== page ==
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Maxwell Bennett [4]Maxwell R. Bennett [3]
  1.  9
    Maxwell Bennett, Daniel Dennett, Peter Hacker, John Searle & Daniel N. Robinson (2007). Neuroscience and Philosophy: Brain, Mind, and Language. Columbia University Press.
    In _Neuroscience and Philosophy_ three prominent philosophers and a leading neuroscientist clash over the conceptual presuppositions of cognitive neuroscience. The book begins with an excerpt from Maxwell Bennett and Peter Hacker's _Philosophical Foundations of Neuroscience_, which questions the conceptual commitments of cognitive neuroscientists. Their position is then criticized by Daniel Dennett and John Searle, two philosophers who have written extensively on the subject, and Bennett and Hacker in turn respond. Their impassioned debate encompasses a wide range of central themes: the (...)
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  2.  13
    Maxwell R. Bennett & Peter M. S. Hacker, History of Cognitive Neuroscience.
    History of Cognitive Neuroscience documents the major neuroscientific experiments and theories over the last century and a half in the domain of cognitive neuroscience, and evaluates the cogency of the conclusions that have been drawn from them. Provides a companion work to the highly acclaimed Philosophical Foundations of Neuroscience – combining scientific detail with philosophical insights Views the evolution of brain science through the lens of its principal figures and experiments Addresses philosophical criticism of Bennett and Hacker′s previous book Accompanied (...)
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  3.  38
    Maxwell Bennett & Peter Hacker (2011). Criminal Law as It Pertains to Patients Suffering From Psychiatric Diseases. Journal of Bioethical Inquiry 8 (1):45-58.
    The McNaughton rules for determining whether a person can be successfully defended on the grounds of mental incompetence were determined by a committee of the House of Lords in 1843. They arose as a consequence of the trial of Daniel McNaughton for the killing of Prime Minister Sir Robert Peel’s secretary. In retrospect it is clear that McNaughton suffered from schizophrenia. The successful defence of McNaughton on the grounds of mental incompetence by his advocate Sir Alexander Cockburn involved a profound (...)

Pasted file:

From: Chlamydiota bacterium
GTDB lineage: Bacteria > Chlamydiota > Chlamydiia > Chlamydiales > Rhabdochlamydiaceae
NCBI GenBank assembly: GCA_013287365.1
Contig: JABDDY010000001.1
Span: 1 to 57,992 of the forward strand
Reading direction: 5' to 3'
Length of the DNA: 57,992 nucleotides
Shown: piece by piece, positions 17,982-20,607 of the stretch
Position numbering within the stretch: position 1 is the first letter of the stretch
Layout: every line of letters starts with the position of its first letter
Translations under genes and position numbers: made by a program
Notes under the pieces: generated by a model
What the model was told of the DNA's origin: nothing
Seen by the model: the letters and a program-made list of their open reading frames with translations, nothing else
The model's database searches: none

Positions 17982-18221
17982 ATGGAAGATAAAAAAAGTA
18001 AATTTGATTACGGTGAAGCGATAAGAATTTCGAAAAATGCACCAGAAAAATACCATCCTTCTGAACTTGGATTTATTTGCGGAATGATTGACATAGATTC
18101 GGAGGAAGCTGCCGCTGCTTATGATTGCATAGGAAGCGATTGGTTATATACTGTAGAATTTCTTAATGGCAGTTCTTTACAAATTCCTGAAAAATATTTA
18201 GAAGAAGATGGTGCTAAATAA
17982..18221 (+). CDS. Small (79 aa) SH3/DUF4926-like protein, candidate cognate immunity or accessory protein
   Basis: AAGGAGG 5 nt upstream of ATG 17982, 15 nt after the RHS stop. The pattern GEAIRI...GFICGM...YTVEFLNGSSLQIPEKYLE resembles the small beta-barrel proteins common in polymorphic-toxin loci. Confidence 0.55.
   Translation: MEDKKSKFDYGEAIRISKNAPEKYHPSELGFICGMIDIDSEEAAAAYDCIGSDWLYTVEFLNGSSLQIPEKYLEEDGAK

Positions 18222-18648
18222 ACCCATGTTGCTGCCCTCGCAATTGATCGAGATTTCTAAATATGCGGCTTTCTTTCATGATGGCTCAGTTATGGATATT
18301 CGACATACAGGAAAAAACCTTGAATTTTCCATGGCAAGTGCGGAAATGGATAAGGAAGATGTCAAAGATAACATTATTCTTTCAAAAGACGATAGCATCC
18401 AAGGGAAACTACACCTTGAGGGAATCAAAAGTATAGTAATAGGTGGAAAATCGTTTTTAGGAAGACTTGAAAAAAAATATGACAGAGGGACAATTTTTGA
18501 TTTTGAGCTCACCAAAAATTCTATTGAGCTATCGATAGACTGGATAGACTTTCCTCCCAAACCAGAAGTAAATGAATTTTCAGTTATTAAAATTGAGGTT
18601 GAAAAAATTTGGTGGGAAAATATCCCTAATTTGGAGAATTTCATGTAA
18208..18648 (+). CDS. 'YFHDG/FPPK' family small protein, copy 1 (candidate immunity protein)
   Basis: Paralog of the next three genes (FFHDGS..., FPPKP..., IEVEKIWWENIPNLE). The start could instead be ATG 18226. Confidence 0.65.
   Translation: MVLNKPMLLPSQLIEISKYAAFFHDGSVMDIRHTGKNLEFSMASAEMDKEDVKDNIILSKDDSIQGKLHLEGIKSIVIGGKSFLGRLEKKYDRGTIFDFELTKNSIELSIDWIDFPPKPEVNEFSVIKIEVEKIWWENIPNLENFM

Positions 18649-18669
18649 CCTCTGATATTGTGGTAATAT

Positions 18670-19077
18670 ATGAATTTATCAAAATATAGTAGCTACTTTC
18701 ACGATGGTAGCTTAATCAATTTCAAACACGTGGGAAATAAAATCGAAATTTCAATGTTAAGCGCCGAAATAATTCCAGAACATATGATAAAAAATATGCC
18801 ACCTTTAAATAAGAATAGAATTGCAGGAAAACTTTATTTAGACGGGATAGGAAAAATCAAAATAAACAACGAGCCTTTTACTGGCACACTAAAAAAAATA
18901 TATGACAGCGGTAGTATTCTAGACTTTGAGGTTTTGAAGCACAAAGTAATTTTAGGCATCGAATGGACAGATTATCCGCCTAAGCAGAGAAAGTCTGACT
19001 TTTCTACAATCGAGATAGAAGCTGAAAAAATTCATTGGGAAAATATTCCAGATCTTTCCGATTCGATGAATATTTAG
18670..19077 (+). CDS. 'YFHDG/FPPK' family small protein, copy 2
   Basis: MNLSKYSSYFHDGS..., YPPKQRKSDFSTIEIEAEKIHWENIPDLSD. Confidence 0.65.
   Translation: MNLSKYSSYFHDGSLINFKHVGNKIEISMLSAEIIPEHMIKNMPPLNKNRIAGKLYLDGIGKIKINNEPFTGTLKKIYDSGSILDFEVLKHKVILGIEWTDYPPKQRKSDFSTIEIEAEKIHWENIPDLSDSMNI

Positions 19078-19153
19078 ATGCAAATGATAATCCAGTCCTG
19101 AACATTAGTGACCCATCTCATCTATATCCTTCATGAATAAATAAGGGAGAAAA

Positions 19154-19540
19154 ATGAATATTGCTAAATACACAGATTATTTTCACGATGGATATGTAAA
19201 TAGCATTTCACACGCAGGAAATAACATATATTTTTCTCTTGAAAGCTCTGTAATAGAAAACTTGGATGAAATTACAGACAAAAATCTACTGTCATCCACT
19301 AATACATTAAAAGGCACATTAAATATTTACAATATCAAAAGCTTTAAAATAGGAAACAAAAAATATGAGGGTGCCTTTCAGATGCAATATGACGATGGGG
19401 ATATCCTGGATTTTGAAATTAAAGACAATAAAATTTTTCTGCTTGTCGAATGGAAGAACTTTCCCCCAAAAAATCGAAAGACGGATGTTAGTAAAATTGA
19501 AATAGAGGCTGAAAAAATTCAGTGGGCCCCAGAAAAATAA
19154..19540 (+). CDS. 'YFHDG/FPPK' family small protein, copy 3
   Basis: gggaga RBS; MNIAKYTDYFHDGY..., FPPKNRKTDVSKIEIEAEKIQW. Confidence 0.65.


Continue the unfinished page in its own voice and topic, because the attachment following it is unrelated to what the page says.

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  4. Maxwell Bennett, Daniel Dennett, Peter Hacker, John Searle & Daniel N. Robinson (2009). Neuroscience and Philosophy: Brain, Mind, and Language. Cup.
    In _Neuroscience and Philosophy_ three prominent philosophers and a leading neuroscientist clash over the conceptual presuppositions of cognitive neuroscience. The book begins with an excerpt from Maxwell Bennett and Peter Hacker's _Philosophical Foundations of Neuroscience_, which questions the conceptual commitments of cognitive neuroscientists. Their position is then criticized by Daniel Dennett and John Searle, two philosophers who have written extensively on the subject, and Bennett and Hacker in turn respond. Their impassioned debate encompasses a wide range of central themes: the (...)
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  5.  1
    Maxwell R. Bennett & Peter M. S. Hacker, Criminal Law as It Pertains to Patients Suffering From Psychiatric Diseases.
    The McNaughton rules for determining whether a person can be successfully defended on the grounds of mental incompetence were determined by a committee of the House of Lords in 1843. They arose as a consequence of the trial of Daniel McNaughton for the killing of Prime Minister Sir Robert Peel’s secretary. In retrospect it is clear that McNaughton suffered from schizophrenia. The successful defence of McNaughton on the grounds of mental incompetence by his advocate Sir Alexander Cockburn involved a (...)
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  6. Maxwell R. Bennett & Peter Michael Stephan Hacker (2009). Andrew Adamatzky, Dynamics of Crowd-Minds: Patterns of Irrationality in Emotions, Beliefs and Actions. Singapore/London/River Edge, NJ: World Scientific, 2005, Xii+ 251 Pages; ISBN 981-256-286-9 (Hardcover). Frederick Adams and Keneth Aizawa, The Bounds of Cognition. Malden, MA/Oxford/Carlton: Blackwell Publishing, Xii+ 197 Pages; ISBN 978-1-4051-4914-3 (Hardcover). [REVIEW] Pragmatics and Cognition 17 (1):197-201.
     
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  7. Maxwell Bennett, Daniel Dennett, Peter Hacker & John Searle (forthcoming). Neuroscience and Philosophy: Brain. Mind, and Language. Columbia University Press, New York.
     
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